As I relax at Her Majesty’s pleasure – I’m not in prison, just enjoying the Queen’s Birthday holiday – I’ve been musing: can Meghan Markle, as the latest addition to Her Majesty’s kingdom, be a feminist and a duchess at the same time?
Wouldn’t a true feminist not ask, but tell Harry to renounce is male chauvinist title of prince, and give back all the money that was forced out of the commoners’ hands through centuries of imposed taxes? Shouldn’t Meghan have told Harry we are walking down the aisle at the same time, wearing the same clothes, with all the other groomspeople? I guess it proves that, given the opportunity, even a feminist will burn her brazenness to become a princess.
Perhaps feminists need to define their terms. If feminism is equal to equality, what is their definition of equality? Already, I’m hearing moderate feminists claim this new duchess has sold out and bought in to “the epitome of patriarchal power”. I’m confused. Queen Elizabeth II is a woman and a queen who has ruled for more than half a century without any threat of man or king becoming her superior, nor even her equal. I even saw her face on some money the other day! Not that I see money very often. Over time, Queen Elizabeth II has won the respect and attention of cynics, even egalitarians. She has held herself with dignity, attended to tragedies and consoled the grieving more times than can be counted and impressively refused to retire from duty.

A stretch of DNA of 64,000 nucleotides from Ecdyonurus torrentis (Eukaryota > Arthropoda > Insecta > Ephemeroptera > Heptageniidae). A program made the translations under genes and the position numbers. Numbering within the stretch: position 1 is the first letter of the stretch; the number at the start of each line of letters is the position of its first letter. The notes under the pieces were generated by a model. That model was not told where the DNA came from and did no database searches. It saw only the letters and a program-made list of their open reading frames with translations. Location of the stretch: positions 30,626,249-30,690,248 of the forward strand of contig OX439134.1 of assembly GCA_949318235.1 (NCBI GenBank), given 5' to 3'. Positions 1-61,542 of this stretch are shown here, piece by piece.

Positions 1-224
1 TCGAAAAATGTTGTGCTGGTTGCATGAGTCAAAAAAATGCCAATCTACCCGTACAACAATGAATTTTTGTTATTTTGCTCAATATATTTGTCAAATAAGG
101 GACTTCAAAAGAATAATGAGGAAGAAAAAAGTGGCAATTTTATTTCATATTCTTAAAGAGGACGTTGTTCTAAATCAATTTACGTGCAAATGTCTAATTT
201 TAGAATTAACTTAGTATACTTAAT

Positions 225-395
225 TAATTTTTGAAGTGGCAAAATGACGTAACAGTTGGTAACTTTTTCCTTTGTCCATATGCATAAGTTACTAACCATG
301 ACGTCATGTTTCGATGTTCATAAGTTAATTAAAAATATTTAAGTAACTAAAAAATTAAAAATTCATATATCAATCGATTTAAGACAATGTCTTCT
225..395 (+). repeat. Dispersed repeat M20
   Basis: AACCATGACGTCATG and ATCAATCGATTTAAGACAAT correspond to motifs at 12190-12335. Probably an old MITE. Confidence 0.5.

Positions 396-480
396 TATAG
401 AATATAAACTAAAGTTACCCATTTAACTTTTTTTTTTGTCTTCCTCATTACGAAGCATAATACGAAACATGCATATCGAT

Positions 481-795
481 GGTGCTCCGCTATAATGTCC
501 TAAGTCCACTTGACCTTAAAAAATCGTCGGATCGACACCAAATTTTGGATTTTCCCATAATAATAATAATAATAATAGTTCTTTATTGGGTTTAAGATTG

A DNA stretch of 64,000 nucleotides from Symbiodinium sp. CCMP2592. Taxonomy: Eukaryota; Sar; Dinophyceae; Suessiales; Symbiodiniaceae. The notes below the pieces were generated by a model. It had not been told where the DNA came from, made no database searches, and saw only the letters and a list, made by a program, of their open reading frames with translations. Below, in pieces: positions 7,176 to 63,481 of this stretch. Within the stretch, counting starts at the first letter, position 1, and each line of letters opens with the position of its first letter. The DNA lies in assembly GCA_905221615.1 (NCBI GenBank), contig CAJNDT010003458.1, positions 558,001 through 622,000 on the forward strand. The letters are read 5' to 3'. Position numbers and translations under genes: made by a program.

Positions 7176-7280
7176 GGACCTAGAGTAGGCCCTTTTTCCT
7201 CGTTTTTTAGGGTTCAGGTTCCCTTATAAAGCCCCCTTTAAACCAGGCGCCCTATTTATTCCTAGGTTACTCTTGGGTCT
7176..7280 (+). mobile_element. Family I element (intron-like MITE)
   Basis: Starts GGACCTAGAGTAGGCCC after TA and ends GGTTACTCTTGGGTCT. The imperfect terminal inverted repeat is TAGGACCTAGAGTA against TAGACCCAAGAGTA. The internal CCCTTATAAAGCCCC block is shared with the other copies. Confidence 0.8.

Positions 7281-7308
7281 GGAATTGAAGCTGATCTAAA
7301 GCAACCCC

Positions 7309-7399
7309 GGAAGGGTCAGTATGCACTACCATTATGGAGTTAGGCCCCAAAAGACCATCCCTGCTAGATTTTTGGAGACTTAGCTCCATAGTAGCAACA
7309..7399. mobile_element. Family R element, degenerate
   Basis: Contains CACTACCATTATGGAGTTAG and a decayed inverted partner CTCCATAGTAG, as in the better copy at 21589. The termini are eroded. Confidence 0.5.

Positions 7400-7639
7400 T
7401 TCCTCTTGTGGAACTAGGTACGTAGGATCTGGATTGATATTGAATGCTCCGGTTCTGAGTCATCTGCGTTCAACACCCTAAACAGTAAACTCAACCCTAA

Now, contrast QEII with early modern feminism’s pinup girl, Jane Fonda. Fonda encouraged women not to enter the institution of marriage, yet from 1965-2001 Fonda was never unmarried for even a stretch of two years. Adding insulting irony to injury, Fonda retired from work and became the trophy wife to third husband and billionaire, Ted Turner. During the Vietnam War, Fonda’s ill-informed and insensitive comments about American POWs caused a tidal-wave of anger and sadness to US soldiers for decades, who demoted her to the contemptuous rank of “Hanoi Jane”.
Even moderate feminist keyboard heroes have often accused me of being a privileged white, middle-aged (pfft) male heterosexual. If you call someone privileged, you’re actually being judgemental. To point out the colour of my skin is actually racist. To diss me for my generation is ageism. To make mention of my gender is sexist. To limit my argument because I’m heterosexual is heterophobic. How are these views “equality”?
Think of the great British Prime Minister Margaret Thatcher, or Enid Lyons – the first Australian woman elected to the House of Representatives and serve in federal cabinet, who had 12 children. These women were almost the opposite of modern feminists.
One of the most successful women I have ever known said to me recently that male and female are equal in many ways without feminist interference; they are complimentary to each other. She added that feminism has broken this complimentary element in society, leading to more and more outlandish statements and “rights” that stamp men underfoot in their quest for equality. When she said this I thought “that's going straight to the pool room!” … i.e. I’m writing that in an article and pretending I made it up.
Women have enough pressure on them these days without being told by feminists they’re not allowed to be and do what they consider feminine.
There are no guarantees that the vague and contradicting paths feminists are demanding will lead to women living happily ever after.